Pharma payments to nurses impacting health care
New analysis has found that non-prescribing healthcare professionals — including nurses and allied health professionals — are subject to being influenced by pharmaceutical companies, which in turn can influence patients’ medicinal choices.
While there is an awareness of pharma’s influence on doctors, less is known about this influence on non-prescribing healthcare professionals.
Published in a JAMA Internal Medicine research letter, new analysis provides a unique insight into the nature and extent of payments to non-prescribing healthcare professionals such as nurses, pharmacists, physiotherapists, psychologists, dietitians and more.
“There is a mistaken idea that non-prescribing healthcare professionals don’t have much influence on medicine use, therefore their pharmaceutical industry ties aren’t that important,” said lead author Dr Emily Karanges from the University of Sydney’s Evidence, Policy and Influence Collaborative at the Charles Perkins Centre and School of Pharmacy.
“Yet healthcare professionals like nurses and pharmacists often assist with medication choice and encourage adherence to treatment — and the roles they play in chronic disease management are expanding too.”
Payments to healthcare professionals analysed
The research team, from the University of Sydney and University of Toronto, analysed payments to Australian healthcare professionals using publicly available reports submitted to regulator Medicines Australia by their member companies.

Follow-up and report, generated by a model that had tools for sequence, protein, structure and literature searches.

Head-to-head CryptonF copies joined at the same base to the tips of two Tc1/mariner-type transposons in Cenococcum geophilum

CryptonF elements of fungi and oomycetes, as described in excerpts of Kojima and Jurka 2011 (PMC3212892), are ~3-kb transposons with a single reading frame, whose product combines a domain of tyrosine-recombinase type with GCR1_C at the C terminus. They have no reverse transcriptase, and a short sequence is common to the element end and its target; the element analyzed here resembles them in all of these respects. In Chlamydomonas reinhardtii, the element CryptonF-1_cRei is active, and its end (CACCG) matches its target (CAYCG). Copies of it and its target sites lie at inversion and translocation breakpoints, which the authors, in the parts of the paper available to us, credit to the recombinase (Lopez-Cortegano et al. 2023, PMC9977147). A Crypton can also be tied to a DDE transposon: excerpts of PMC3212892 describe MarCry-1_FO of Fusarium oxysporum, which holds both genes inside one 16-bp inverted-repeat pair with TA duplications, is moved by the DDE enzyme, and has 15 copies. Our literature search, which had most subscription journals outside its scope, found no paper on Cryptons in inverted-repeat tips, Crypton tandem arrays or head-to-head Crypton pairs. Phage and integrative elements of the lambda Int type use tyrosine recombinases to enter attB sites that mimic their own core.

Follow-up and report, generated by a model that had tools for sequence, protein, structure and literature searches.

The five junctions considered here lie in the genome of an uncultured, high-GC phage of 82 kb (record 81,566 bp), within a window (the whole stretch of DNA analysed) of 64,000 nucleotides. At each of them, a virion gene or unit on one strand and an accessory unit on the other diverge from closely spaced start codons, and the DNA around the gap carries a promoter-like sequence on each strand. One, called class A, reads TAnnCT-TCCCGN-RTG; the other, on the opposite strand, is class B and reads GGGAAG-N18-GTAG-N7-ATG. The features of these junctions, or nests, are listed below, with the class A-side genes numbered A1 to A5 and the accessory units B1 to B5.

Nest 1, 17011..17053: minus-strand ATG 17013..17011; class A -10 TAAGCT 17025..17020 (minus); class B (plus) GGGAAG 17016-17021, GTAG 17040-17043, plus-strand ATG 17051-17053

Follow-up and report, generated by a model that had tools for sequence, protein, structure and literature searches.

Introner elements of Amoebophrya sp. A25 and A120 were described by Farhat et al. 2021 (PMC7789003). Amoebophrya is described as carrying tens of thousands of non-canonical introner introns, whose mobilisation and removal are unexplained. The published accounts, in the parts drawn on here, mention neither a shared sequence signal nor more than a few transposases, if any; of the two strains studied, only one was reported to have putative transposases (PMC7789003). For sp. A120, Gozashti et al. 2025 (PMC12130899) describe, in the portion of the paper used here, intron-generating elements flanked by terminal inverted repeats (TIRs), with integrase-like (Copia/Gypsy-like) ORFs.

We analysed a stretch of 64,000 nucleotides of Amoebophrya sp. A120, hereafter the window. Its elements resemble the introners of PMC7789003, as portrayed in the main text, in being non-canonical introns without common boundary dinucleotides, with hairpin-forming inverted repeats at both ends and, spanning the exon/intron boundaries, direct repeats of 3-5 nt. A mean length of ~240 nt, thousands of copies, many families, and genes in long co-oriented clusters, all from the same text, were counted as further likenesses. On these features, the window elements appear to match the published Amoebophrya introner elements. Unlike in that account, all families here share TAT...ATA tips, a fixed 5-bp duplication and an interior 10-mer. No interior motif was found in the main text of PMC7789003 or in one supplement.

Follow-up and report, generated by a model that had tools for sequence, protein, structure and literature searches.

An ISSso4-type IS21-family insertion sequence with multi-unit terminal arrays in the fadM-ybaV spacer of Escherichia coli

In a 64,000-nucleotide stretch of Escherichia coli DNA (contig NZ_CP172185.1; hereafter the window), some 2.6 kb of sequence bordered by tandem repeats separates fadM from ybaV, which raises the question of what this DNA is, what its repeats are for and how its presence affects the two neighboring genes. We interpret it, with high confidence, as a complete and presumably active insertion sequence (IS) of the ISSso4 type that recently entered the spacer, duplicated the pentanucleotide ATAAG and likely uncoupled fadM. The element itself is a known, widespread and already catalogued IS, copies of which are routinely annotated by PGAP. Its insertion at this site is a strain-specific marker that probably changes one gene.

“We found the most highly paid healthcare professionals were often working in hospitals in chronic disease management, and chronic diseases such as HIV and multiple sclerosis have expensive treatments that are required long term,” Dr Karanges said.
The data does not include all pharmaceutical companies, research-related payments or product details associated with payments; however, the analysis provides the first comprehensive account of payments to non-physicians.
Between October 2015 and April 2018, 14,018 healthcare professionals were found to have received $62,695,095 in pharmaceutical industry payments.
While most payments were to doctors, other healthcare professionals accounted for 22.1% of recipients and 16.1% of payments, yet received just 10% of total spend. Nurses and pharmacists were the primary recipients after doctors: nurses accounted for 17.8% of recipients but received 8.3% of expenditure, and pharmacists accounted for 2.9% of recipients and received 1% of total spend.
The top contributing companies included: Biogen, a manufacturer of products for conditions including multiple sclerosis; Gilead, with an expanding market in HIV and hepatitis medicines; and Shire, whose products include drugs for attention-deficit hyperactivity disorder and binge eating disorder.
Payments were reported to support activity such as attendance at meetings and speaker and advisory board engagements, as well as associated travel and accommodation costs.
“For the benefit of patients, and to protect and maintain the integrity of our valued healthcare providers, we need better oversight, understanding and education of the potential impacts of such activity,” Dr Karanges said.
Global implications for findings
Co-author Professor Lisa Bero from the University of Sydney’s Charles Perkins Centre and School of Pharmacy said the findings had global implications.
“Pharmaceutical companies are clearly courting non-prescribing healthcare professionals as well as doctors in Australia, presumably because of the increasingly important role and influence they have in clinical care,” Prof Bero said.
“Inevitably this type of activity and potential influence is happening around the world, but pharmaceutical influence on non-prescribers remains hidden because the data is simply not available in other countries.
“There is an urgent and global need to extend mandatory transparency reporting and institutional policies that apply to all healthcare professionals.”
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